Thomson also reveals how the study of science was central to Jefferson's world view. "He got hold of it very early in his life—the importance of having facts that you can really hold on to, that you can work from. Where there were not facts, such as climate, he set out to measure the temperature every day.

"It's the vanity of the author that you can get it right," says Thomson, of trying to capture Jefferson in a book. "I've tried to put an emphasis on an aspect that other people have ignored."

Master of the Mountain: Thomas Jefferson and His Slaves

"So much is written about Jefferson because new data continues to emerge from the archives, and also because our perspective on the past is fluid, always reflecting current concerns," says Henry Wiencek, whose book Master of the Mountain: Thomas Jefferson and His Slaves challenges the notion of Jefferson as a benevolent slaveholder.

"I was interested in discovering Jefferson as an on-the-ground manager," says Wiencek, "how slavery actually worked, the business of it and the financial aspects.

"It's my view that life at Monticello was harsher than we thought. When you examine the documents relating to overseers, you see that one after another, Jefferson hired and kept on his payroll overseers who were very cruel."

Drawing from new evidence and archaeological work done at Monticello, Master of the Mountain asserts that after the ideological excitement of the Revolution had died down, Jefferson started to see slavery with a more calculating eye. "Planters began to see the immense profitability," Wiencek says.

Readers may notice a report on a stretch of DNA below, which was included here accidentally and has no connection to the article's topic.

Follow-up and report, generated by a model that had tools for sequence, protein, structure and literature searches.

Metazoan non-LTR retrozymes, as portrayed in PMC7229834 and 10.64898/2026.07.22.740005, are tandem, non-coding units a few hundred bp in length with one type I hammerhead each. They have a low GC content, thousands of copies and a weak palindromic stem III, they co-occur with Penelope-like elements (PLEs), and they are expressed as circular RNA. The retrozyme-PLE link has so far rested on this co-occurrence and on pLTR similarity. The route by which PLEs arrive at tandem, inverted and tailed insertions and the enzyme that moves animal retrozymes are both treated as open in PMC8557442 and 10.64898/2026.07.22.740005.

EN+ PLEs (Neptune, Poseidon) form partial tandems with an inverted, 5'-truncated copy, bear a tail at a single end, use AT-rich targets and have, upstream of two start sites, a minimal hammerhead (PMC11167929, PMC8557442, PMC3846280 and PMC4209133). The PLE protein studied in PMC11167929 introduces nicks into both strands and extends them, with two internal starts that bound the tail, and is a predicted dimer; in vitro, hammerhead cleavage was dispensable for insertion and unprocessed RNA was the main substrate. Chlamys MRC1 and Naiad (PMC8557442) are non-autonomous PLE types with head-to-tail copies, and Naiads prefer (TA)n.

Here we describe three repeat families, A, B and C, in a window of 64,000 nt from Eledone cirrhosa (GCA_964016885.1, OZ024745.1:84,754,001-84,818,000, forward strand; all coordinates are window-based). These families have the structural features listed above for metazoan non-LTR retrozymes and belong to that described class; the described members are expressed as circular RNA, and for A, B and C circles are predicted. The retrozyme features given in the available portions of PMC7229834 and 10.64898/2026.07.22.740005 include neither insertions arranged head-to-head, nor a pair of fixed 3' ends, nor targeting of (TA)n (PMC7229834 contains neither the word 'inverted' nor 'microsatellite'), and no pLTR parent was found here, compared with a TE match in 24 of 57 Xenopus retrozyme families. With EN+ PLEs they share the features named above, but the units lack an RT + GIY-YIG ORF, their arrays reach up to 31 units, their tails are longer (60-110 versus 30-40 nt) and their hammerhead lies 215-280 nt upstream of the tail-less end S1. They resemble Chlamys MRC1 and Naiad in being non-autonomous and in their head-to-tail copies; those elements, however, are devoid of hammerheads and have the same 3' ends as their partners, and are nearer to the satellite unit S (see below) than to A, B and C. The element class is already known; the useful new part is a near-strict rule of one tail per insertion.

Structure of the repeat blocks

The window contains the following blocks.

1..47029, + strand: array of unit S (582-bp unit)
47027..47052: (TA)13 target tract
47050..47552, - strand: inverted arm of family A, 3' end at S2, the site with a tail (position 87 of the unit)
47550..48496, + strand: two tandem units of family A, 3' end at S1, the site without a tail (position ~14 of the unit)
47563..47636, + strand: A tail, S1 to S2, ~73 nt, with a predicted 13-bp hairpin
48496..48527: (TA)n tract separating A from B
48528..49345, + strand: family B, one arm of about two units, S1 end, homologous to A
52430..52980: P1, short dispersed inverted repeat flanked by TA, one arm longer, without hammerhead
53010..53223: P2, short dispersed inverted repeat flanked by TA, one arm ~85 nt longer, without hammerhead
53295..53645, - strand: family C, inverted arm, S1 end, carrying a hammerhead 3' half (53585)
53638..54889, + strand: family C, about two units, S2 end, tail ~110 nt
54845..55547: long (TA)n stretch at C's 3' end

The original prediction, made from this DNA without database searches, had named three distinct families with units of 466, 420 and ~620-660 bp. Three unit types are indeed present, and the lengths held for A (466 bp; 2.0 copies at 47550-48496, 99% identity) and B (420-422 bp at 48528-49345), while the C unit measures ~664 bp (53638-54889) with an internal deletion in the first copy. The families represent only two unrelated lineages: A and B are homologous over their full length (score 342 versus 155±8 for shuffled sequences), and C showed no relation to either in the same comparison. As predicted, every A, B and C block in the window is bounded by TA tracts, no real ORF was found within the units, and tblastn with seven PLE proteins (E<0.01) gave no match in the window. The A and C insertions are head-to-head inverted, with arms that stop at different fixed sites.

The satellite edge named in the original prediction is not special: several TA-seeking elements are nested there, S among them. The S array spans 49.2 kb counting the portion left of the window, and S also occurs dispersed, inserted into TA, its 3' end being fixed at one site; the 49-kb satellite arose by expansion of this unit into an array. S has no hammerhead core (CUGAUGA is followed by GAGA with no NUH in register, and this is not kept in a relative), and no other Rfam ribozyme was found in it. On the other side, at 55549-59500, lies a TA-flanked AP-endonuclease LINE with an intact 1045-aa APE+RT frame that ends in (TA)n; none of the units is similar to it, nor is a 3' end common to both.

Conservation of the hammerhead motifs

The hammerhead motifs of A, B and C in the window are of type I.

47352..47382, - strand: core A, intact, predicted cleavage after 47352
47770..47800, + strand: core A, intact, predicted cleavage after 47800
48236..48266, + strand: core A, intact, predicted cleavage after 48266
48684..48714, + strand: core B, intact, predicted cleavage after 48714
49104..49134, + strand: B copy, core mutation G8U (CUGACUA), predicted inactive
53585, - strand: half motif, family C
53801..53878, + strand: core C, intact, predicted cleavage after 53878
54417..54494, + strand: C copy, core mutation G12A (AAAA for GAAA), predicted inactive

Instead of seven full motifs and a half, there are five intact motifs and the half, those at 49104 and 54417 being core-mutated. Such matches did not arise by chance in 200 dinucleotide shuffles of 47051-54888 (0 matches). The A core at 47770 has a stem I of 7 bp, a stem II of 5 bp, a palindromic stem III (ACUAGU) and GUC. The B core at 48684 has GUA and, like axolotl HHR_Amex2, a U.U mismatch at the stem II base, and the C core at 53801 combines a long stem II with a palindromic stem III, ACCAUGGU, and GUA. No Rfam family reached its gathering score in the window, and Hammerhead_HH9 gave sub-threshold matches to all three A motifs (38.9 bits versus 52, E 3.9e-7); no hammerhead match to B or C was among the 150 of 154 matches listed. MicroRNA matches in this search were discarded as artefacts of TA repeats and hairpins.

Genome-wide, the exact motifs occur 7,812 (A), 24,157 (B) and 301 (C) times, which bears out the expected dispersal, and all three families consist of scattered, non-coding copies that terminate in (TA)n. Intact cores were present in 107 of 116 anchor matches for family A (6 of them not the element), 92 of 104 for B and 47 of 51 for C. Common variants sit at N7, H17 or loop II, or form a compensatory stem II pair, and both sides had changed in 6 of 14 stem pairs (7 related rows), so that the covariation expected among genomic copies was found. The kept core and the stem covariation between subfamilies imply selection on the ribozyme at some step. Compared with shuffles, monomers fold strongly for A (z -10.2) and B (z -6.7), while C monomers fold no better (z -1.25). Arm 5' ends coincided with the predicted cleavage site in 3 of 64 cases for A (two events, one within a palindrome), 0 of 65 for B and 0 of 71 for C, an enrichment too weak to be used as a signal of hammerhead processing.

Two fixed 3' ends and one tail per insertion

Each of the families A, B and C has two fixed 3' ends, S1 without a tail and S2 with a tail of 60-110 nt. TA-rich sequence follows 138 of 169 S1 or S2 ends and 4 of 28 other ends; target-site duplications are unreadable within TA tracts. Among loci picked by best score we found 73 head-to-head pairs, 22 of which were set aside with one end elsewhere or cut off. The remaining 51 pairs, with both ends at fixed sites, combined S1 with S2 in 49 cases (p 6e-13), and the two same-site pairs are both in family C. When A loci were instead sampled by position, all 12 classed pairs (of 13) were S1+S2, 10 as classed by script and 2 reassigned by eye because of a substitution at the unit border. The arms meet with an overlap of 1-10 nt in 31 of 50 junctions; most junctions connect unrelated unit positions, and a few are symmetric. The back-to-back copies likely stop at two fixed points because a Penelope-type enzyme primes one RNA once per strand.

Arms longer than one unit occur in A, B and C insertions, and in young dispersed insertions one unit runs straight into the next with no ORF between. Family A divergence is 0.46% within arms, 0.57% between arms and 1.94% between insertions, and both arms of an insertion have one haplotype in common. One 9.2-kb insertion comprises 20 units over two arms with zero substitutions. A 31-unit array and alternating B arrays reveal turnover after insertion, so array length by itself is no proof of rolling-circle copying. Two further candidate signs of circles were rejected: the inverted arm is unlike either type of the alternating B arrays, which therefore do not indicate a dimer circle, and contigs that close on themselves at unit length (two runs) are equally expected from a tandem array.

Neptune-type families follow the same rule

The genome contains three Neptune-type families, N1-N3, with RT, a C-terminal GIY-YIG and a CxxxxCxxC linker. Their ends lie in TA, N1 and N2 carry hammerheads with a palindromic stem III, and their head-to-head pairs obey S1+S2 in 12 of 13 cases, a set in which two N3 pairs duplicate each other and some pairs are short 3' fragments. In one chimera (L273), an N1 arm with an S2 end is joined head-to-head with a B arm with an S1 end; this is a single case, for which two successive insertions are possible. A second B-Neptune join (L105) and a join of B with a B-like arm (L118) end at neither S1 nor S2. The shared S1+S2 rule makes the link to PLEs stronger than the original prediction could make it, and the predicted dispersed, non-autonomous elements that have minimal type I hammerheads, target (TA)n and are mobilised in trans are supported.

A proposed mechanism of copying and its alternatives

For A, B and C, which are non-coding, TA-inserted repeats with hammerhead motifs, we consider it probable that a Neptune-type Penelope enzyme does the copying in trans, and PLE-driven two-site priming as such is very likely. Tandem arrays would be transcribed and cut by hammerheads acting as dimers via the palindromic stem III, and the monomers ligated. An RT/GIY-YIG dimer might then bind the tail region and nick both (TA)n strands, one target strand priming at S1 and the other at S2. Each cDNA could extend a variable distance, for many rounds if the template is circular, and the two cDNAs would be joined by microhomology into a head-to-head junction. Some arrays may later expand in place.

"We look to him to try to figure out how it is that we fought a revolution for universal liberty and kept slavery," says Wiencek. "Jefferson represents our notions of liberty and individual freedom, and he is also intimately tied up with the vexing legacy of slavery."

Thomas Jefferson: The Art of Power

"He seems a hopeless bundle of contradictions—yet aren't many of us hopeless bundles of contradictions? Isn't the tension in one's heart and mind between right and wrong, between light and shadow, the most compelling of human dramas?" asks Jon Meacham, Pulitzer Prize-winning author of Thomas Jefferson: The Art of Power.

A comprehensive biography, the book examines Jefferson's life with an eye toward understanding him as a leader who could think like a philosopher and maneuver like a politician, as well as one who could navigate the wilds of bipartisanship.

"I thought that Jefferson's long life in the arena of practical politics—from pre-Revolutionary Virginia forward—was at once less appreciated and more interesting than many people tended to believe," says Meacham in an email interview. "My goal, then, was to capture him as a political figure, a man whose chief concern for many years was the building of coalitions to solve particular problems in particular moments."

To Meacham, the third president's complexity and the contributions he made to such a critical moment in American history account for the continued enigma. "In Jefferson we have a man whose own drama unfolded during one of the most pivotal periods in the long history of the world," says Meacham. "And so Jefferson will live on and on."